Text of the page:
AP Sports Writer
INDIANAPOLIS (AP) -- Traditionalists balked and some were downright outraged at the mere suggestion stock cars dare set their fenders on the sacred ground of Indianapolis.
Stage a NASCAR race at the home of the Indianapolis 500?
May as well make Indy 500 winners swig orange juice in Victory Lane or have the track install lights for a night race. Heck, make it the Indianapolis 350. None of it could have been worse than big, bad NASCAR storming into their city -- an open wheel city.
"I think Indy cars belong at Indy and stock cars belong at Daytona," 1986 Indy winner Bobby Rahal said more than 20 years ago.
"I think it's a big mistake because Indy has all that tradition and romance and I don't believe it should be tampered with," said Johnny Rutherford, also a former Indianapolis 500 champion.
Romance? What is this, a love story?
Well, sort of.
It's time to pucker up and kiss the bricks once again when NASCAR runs its 20th Cup race Sunday at Indianapolis Motor Speedway. Jimmie Johnson and Jeff Gordon are as much a slice of Indy racing history as A.J. Foyt and Rick Mears.
There's a generation of drivers coming up who dreamed of racing at Indianapolis for 400 miles, not 500.
The Brickyard may not be the marquee race to win on NASCAR's schedule. Rahal was on to something, the Daytona 500 is still No. 1.
But Indy is a close runner up.
"You have the Daytona 500 and then the Brickyard 400," Gordon, a four-time Indy winner, said. "Some people may rank it different than that, but that's how I look at it. There was a time, maybe back in 1994, where I would have ranked this No. 1."
Then the next big thing in NASCAR, a 23-year-old Gordon won the inaugural race in 1994. An estimated crowd of 250,000 fans absolutely jammed the place and Gordon recalled the die-hards lined up 10 deep around the garage just to get a peek at the drivers that would soon usher NASCAR into a boom period.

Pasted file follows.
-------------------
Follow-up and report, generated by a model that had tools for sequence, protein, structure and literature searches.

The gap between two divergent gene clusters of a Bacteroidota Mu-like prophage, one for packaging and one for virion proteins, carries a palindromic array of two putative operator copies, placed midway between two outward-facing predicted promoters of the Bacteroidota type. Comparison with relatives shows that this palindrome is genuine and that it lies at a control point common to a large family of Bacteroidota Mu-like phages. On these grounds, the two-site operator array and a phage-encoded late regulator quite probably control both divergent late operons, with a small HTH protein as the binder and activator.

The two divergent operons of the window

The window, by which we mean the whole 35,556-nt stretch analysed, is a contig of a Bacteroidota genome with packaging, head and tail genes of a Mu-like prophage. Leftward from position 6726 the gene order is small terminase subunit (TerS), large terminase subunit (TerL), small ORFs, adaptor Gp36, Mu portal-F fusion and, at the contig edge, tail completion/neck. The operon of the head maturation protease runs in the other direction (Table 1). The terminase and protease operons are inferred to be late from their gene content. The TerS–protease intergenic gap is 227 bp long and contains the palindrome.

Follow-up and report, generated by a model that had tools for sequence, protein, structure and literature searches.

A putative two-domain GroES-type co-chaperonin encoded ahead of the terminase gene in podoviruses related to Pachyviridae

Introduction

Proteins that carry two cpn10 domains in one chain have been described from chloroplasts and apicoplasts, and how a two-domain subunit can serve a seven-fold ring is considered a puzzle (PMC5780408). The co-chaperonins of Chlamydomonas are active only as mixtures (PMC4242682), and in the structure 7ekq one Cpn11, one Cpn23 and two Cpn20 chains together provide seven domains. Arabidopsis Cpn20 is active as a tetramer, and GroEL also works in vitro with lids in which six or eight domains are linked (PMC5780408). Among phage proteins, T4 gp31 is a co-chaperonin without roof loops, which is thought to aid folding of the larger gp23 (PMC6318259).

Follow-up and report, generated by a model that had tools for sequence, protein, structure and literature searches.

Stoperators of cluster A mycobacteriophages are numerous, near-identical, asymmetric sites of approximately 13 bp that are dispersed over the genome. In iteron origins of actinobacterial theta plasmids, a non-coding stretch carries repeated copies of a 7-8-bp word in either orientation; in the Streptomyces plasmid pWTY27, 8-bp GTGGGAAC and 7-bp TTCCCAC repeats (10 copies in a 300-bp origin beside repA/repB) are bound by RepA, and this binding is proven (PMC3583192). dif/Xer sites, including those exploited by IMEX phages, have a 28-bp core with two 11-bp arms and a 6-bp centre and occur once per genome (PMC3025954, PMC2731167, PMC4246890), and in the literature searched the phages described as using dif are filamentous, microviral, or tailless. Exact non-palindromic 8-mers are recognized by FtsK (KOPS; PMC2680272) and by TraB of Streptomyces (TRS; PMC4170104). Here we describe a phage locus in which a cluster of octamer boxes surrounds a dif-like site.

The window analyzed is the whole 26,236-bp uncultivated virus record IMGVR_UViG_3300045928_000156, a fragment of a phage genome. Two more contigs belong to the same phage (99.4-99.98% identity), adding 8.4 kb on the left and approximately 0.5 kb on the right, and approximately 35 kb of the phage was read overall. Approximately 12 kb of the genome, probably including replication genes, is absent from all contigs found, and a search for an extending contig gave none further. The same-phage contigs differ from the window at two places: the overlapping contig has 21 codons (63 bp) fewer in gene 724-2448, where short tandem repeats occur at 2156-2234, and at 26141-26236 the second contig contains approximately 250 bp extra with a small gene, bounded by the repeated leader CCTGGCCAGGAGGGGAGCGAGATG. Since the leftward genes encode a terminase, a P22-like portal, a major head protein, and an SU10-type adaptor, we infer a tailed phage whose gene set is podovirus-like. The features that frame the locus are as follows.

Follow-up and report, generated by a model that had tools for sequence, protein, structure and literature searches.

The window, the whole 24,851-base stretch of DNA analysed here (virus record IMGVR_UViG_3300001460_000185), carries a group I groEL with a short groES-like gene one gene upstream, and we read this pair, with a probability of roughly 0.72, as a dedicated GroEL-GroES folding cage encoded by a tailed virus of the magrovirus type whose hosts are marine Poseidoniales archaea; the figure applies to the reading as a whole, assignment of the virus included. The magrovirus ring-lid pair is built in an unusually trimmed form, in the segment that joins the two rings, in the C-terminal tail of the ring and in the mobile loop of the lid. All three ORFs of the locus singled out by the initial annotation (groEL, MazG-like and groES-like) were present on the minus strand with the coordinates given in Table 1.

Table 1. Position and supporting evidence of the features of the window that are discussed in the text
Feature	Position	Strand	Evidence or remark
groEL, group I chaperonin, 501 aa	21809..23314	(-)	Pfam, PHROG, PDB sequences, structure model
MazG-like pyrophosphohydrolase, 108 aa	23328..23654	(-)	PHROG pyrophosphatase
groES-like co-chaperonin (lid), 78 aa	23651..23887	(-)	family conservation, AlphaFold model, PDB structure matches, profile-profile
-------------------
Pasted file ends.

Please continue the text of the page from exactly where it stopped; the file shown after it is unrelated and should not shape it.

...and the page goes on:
NASCAR hadn't just raced at Indy -- it took it over.
Dale Earnhardt won in 1995 and then Dale Jarrett started a celebration with his 1996 win that lasts to this day, and even carried over to Indy. Jarrett and crew chief Todd Parrott knelt down and planted a big ol' kiss on the bricks, the start-finish line for the race.
Who needs milk?
Tony Stewart, a former open wheel champion, never got to fulfill his boyhood dream of winning an Indianapolis 500. But the Indiana native has twice won the Brickyard, putting an emphatic end to his skepticism that a winning a NASCAR race in Indy would never mean as much had it happened in open wheel.
"The first time they came, I'll be honest, I was 100 percent against it," he said. "When you grow up in the state of Indiana, the Indianapolis Motor Speedway is the Holy Grail to you. I didn't want to see anything different come to it. To me, it was the Indy 500 and that's all it was supposed to be."
That feeling didn't last for long. Stewart won in 2005 and 2007 and was won over that NASCAR could truly call Indianapolis home.
"It was everything to me," he said. "My whole life, since I was a kid, that's what I wanted to do. Not that I had some fascination with kissing bricks as a child. But my fascination to do it here was pretty obsessive."
NASCAR first kicked the tires of running in Indianapolis in the early 1990s. By 1992, the stock car series was ready to take a dip in the Indy pool with two days of tire testing.
An estimated 30,000 fans at the Speedway chanted "We want a race," as the cars roared from the pit past a hand-lettered sign, "Indy fans love NASCAR."
In 1993, former IMS president Tony George extended the official invitation for NASCAR to come aboard.
On Aug. 4, 1994, NASCAR hit the track for its first practice on the 2
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